Friday, 23 October 2015 13:43

Letter to the Editor

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Letter to the Editor

Dear Sir:

As a recent subscriber to your magazine I have been tempted by several articles to respond but the article, The Cartoon Jihad, (April 2006) almost compels action.

The spirit of the present widespread, growing and terribly destructive libertine movement that has always had claws clutching the human soul is present in the piece sans often-used disguises and obfuscations. The Beenfeldt-Ghate article states;

"Well, is freedom of speech absolute?"


I respond, absolutely not. In the year 1800, as I recall, a conviction was upheld by the Pennsylvania Supreme Court in which a man was charged with undermining the public morals by inviting passers-by (and charging them a coin) into his house to view a lewd painting. At that early date in American national life the U.S. Supreme Court did not yet interfere with the states in such matters and would have upheld the conviction if they did.

The Bill of Rights, as it was understood and ratified by the founding generation--history informs us--did not protect manifest immorality. Certainly immorality happened but it was not deemed legitimate by society and could generally be prosecuted. Those standards of America's past are so little known among today's people that they might seem shocking to some and some others who never tire of trying to present us with a false history of America.

Hollering "fire" in a crowded theater is the old example of unprotected speech; it alone invalidates the Beenfeldt-Ghate "Absolutely." Amazingly, the U.S. Congress, Executive and Supreme Court have recently taken the fascist (and every tyrant's) view of political speech, that it can be outlawed. If some nonpolitical (by incorporation) organization buys time on TV or radio and tells the audience to vote or not vote for a political candidate in a certain time frame they can be charged with a crime. From the standpoints of American heritage, morality and a free society, the above legislation and the U.S. Supreme Court upholding of it were the crimes. Everyone who put their hands to it should be out of office.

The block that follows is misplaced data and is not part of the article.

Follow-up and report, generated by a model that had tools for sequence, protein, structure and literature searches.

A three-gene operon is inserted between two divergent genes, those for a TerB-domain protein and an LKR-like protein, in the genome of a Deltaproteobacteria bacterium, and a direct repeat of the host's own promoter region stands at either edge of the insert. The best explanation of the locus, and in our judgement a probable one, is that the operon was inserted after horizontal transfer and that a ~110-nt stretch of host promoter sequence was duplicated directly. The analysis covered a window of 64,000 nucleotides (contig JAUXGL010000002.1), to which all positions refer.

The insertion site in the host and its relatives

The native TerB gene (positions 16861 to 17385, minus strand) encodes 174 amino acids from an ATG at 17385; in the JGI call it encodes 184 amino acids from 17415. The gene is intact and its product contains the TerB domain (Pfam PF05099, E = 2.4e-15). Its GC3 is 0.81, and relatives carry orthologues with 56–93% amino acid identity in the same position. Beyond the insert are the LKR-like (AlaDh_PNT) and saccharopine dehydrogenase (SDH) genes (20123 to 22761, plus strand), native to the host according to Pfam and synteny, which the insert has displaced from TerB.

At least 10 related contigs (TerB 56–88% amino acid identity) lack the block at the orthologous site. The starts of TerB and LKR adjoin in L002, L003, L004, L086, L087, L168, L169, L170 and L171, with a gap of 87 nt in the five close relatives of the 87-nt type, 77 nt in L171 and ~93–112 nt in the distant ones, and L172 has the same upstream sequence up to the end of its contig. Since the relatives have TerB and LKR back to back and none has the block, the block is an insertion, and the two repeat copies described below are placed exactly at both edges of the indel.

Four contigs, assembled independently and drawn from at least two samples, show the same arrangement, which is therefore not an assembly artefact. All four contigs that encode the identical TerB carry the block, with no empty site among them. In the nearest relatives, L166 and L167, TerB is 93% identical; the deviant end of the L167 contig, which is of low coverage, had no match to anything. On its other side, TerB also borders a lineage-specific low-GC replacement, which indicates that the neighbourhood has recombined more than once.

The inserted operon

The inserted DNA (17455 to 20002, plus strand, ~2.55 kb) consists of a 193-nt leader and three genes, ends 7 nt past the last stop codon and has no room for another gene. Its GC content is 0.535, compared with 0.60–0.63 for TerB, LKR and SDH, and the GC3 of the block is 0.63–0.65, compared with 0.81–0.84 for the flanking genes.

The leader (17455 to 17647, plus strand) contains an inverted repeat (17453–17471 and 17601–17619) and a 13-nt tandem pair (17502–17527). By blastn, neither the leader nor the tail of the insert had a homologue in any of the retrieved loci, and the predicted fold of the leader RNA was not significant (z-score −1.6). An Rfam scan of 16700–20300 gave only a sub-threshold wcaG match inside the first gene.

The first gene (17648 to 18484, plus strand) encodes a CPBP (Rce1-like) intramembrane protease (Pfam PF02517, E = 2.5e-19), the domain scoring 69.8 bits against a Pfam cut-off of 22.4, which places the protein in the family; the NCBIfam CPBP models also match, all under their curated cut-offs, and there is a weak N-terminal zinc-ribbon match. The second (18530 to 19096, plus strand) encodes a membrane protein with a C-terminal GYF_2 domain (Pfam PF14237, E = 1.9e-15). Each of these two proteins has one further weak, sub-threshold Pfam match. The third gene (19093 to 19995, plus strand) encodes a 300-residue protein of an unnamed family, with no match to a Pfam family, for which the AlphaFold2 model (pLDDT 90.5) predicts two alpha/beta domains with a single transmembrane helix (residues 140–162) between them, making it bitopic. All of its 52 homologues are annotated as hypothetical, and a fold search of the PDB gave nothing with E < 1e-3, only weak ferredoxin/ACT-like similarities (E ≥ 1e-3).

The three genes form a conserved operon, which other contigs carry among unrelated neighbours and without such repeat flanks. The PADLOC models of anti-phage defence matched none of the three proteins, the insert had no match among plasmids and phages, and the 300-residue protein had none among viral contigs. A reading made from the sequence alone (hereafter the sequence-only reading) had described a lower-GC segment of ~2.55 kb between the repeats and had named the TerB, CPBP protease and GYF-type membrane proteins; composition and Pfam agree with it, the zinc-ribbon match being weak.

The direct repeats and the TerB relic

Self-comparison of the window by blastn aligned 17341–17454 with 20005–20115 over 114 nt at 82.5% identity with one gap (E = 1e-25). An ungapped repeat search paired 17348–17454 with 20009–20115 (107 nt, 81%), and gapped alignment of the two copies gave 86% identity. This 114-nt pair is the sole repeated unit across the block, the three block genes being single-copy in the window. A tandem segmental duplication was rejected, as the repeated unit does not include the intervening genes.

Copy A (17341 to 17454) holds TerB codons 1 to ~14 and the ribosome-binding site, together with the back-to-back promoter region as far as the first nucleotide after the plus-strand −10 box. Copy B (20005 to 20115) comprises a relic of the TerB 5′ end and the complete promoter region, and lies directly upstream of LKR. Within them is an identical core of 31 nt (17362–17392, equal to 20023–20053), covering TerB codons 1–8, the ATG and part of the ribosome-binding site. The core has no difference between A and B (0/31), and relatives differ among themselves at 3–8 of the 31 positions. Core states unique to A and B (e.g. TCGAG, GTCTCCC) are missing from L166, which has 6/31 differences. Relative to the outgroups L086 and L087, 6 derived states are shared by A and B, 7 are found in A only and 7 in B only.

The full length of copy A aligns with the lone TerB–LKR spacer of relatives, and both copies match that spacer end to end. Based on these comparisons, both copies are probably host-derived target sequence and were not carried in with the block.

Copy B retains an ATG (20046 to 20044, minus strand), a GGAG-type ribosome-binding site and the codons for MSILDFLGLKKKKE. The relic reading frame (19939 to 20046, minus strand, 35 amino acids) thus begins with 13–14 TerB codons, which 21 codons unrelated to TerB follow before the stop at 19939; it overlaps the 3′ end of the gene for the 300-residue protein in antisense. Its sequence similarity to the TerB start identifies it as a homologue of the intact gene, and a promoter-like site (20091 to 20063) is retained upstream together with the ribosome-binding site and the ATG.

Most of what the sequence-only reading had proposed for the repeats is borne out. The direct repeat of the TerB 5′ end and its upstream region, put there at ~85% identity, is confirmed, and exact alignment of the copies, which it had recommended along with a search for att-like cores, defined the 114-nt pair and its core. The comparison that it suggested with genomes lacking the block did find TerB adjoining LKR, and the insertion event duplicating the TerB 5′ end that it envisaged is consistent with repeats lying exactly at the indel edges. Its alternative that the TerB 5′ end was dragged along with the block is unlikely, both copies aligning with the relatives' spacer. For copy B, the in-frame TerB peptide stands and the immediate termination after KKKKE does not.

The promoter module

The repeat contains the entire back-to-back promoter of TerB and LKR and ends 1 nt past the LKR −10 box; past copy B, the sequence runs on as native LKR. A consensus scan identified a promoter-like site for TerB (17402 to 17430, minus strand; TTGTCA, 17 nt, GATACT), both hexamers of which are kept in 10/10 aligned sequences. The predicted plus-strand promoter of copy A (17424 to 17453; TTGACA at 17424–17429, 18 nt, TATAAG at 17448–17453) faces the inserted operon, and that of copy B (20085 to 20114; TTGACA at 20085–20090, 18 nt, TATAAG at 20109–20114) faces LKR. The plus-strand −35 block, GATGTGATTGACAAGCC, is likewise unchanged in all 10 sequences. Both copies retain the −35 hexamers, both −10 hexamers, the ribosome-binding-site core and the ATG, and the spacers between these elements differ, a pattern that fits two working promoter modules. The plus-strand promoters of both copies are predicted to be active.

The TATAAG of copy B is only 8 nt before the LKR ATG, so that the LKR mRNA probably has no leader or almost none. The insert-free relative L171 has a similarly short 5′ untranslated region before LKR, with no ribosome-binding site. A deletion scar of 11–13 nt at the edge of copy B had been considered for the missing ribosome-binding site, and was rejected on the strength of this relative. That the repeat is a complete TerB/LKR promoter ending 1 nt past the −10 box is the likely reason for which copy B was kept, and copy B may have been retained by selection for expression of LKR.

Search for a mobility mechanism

The only leverage the federal government should have in such cases is against the broadcaster's license. To have use of the public airways in an organized and sustainable way there must be licensing. Political speech cannot be legitimately criminalized.

When a broadcaster pushes pornography on the public he then should lose his license as well as being charged with a crime and the producers of the porn should be charged also--as was the case 206 years ago.

The Cartoon Jihad authors state, in the case of Muslims insulted by the offending cartoons, "their anger is irrelevant." The nature of such a statement indicates the highest form of a sort of squalid elitism possessed by those who would have absolute freedom for themselves but total servitude by others to their ideas. This is the spirit and soul of the libertine.